Advertisement
YOU ARE HERE: LAT HomeCollectionsChildren

THE NATION

Utah Paying a High Price for Polygamy

Law: Child abuse and welfare fraud are part of plural marriage's toll. Still, there is a reluctance to pursue lawbreakers.

September 09, 2001|JULIE CART | TIMES STAFF WRITER

HILDALE, Utah — A declaration of war it was not. But in Utah, where polygamy has been a persistent but submerged issue for generations, no governor had so much as whispered a public opinion on the topic before.

So when Gov. Mike Leavitt asserted last May that "polygamy is against the law" and polygamist Tom Green was sentenced last month to five years in prison, it appeared to signal an unprecedented crackdown on multiple marriages.

With the Winter Olympics only a few months off, image-conscious public officials are starting to talk tough about a crime that law enforcement officials have routinely ignored.

But it remains to be seen if the tough talk will translate into action any time soon.

Testimony during the Green trial and interviews across Utah reveal just how entrenched polygamy remains in a state where plural marriage is practiced by about 2% of the population.

The Green trial exposed a broad range of illegal activity among modern-day polygamists. But public officials will confront many obstacles if they are serious about prosecuting crimes associated with polygamy, according to interviews with anti-polygamy activists and child welfare workers and a search of public records by The Times.

For one thing, some local law enforcement officials don't want to be bothered with what they view as a private matter, while local politicians don't want to alienate important constituencies.

Local prosecutors, meanwhile, say they can't afford to pursue the complex crimes associated with polygamy, from welfare fraud to child neglect.

"If all of a sudden you say you're going to prosecute all polygamists, we'd all have to hire about 15 people in each of our offices," said Mel Wilson, attorney for Davis County, north of Salt Lake City.

The secrecy in which polygamy thrives adds another layer of frustration for law enforcement.

But the biggest obstacle may be Utah's unique religious and cultural history. Polygamy was an integral part of the Mormon faith until the church outlawed the practice in 1890. But in Utah, where 80% of residents are Mormon, many are reluctant to condemn beliefs held by their great-grandfathers and revered church prophets.

It would be difficult to find anyone of note in public life with no family tie to the ancient practice called "The Principle." The governor, most of the state's legislators as well as the prosecutor and the judge in the Green case are all descended from polygamists.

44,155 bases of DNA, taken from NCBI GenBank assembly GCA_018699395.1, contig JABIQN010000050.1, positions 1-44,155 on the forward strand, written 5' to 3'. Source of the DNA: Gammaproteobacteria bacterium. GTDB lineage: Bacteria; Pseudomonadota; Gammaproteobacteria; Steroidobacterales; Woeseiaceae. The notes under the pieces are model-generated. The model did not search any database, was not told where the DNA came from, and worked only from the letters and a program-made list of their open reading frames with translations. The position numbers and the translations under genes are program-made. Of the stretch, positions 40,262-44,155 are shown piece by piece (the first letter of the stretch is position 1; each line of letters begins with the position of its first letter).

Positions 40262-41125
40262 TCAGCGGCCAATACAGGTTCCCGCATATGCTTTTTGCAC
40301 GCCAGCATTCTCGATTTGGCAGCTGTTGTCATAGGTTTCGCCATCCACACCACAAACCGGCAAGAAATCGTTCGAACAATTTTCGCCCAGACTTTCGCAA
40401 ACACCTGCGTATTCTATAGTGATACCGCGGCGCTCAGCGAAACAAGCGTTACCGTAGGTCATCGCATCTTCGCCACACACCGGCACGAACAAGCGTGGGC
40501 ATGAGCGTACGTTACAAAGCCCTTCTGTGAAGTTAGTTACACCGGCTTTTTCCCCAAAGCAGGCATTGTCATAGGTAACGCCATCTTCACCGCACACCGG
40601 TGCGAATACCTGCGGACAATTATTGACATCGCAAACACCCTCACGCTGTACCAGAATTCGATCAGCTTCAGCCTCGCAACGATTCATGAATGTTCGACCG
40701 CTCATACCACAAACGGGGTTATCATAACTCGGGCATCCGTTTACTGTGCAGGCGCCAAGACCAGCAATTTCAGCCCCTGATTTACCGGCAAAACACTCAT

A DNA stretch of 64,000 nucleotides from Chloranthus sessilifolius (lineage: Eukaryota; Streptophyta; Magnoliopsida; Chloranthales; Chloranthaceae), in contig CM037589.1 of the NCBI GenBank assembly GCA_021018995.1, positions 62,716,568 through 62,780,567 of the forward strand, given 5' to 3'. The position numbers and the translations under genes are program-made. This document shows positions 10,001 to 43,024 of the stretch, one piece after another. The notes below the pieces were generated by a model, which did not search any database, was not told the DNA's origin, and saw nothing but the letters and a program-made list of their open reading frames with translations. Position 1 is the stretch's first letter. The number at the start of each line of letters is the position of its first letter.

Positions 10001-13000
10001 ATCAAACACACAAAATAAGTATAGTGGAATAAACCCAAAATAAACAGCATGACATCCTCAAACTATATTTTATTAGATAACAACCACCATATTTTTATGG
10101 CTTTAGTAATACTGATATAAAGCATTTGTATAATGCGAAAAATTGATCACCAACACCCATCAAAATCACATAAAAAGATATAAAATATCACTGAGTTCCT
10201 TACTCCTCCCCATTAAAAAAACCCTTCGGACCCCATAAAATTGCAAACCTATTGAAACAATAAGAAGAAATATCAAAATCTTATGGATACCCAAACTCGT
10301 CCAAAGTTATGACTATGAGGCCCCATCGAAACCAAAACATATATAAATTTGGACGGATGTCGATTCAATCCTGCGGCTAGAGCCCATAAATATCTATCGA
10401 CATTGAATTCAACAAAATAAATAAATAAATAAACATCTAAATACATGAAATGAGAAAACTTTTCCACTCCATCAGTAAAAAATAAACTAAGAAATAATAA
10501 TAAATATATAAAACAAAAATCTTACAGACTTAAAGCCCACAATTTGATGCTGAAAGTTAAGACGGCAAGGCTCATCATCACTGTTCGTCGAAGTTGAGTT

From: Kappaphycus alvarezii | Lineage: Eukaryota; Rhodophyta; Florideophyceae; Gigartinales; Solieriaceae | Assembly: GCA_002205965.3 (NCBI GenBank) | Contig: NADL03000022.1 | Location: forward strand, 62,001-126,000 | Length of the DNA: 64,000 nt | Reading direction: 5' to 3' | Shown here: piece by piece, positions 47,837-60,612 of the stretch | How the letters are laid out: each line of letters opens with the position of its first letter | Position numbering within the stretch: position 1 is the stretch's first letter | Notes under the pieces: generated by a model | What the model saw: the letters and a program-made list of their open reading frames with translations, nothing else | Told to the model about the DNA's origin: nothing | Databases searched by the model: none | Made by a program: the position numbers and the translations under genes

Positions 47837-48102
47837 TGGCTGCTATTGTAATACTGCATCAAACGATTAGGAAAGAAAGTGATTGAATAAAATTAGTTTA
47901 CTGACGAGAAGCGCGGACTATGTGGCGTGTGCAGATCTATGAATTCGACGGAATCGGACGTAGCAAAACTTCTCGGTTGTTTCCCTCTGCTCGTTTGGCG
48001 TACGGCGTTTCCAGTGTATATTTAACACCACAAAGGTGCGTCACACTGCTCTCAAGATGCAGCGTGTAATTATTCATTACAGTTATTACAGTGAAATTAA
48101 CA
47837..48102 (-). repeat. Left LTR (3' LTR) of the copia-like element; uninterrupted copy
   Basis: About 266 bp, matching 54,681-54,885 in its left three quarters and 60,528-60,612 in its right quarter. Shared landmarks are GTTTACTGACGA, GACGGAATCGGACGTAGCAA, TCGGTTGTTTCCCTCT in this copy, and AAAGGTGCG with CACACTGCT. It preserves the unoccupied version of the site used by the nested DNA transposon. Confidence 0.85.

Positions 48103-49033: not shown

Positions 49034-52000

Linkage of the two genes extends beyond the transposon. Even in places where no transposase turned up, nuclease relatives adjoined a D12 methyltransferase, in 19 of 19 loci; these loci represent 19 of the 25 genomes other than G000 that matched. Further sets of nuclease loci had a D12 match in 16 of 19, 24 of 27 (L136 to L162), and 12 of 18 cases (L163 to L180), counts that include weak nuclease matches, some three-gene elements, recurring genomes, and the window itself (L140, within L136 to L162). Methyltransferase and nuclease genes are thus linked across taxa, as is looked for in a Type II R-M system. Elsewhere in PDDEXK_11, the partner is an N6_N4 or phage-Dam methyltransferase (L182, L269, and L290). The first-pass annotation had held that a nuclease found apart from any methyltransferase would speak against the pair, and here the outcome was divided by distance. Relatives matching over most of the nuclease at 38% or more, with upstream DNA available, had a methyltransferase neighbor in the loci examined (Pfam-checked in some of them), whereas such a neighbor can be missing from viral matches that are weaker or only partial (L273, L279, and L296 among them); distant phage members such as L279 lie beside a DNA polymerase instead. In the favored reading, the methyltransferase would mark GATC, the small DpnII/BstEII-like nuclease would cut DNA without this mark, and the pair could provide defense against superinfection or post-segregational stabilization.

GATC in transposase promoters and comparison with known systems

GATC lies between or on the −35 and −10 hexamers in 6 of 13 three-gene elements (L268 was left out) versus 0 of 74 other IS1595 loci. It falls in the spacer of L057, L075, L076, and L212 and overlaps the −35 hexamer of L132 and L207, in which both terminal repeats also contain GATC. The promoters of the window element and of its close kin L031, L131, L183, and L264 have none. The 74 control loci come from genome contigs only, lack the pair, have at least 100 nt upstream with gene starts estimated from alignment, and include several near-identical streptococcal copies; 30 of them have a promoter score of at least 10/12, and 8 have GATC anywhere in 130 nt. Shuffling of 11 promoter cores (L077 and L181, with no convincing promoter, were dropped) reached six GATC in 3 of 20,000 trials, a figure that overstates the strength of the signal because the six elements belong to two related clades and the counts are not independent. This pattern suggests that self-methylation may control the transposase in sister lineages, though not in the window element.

"For people in Utah to confront polygamy means they have to confront practices condoned by their ancestors, including mine," said Ron Allen, a Democratic state senator who sponsored a bill aimed at stopping minors from marrying into polygamy. The bill became law in April.

Allen adds: "We are in a faith-based environment that holds ancestors in high esteem. To deal with polygamy properly, we have to say that what our ancestors created has led to pretty horrific crimes for us now. How do you resolve that?"

According to law enforcement officials and others familiar with how plural marriage operates, the problems usually associated with polygamy include:

* High levels of incest, child abuse and wife battering. But the crimes are rarely reported because of the secrecy surrounding polygamous communities, law enforcement officials say.

* Widespread reliance on welfare. In the tiny town of Hildale, for example, along the Utah-Arizona border, as many as 50% of the residents are on public assistance, according to state and federal records. The fraud occurs when plural wives claim they don't know the whereabouts of their children's father.

* Unusual levels of child poverty. For example, across the street from Hildale in Colorado City, Ariz., every school-age child in town was living below the poverty level, according to U.S. Census Bureau estimates from 1997, the most current available.

* Wide-ranging tax fraud. Polygamists often underestimate their income or, as in Green's case, don't file returns at all.

* Limited educational opportunities. Last year the prophet of the Fundamentalist Latter-day Saints Church, a group excommunicated more than a century ago for practicing polygamy, ordered the town's children to stop attending public school, resulting in the closure of the local elementary school.

* Overtaxed public services. Medicaid pays for more than one-third of the babies born in Utah, and plural wives account for a disproportionate share of those births, child welfare advocates say.

"It's very hard to prosecute--you need witnesses, you need cooperation," said Utah Atty. Gen. Mark Shurtleff. "Because of the closed nature of the society and the threats to the young brides, people are afraid to talk. But the state needs to protect these people."

Statistics about polygamy are hard to come by. For the most part, information about polygamy and its problems comes from a small group of investigators or from a handful of polygamists and plural wives who have left the fold.

Advertisement
Los Angeles Times Articles
|
|
|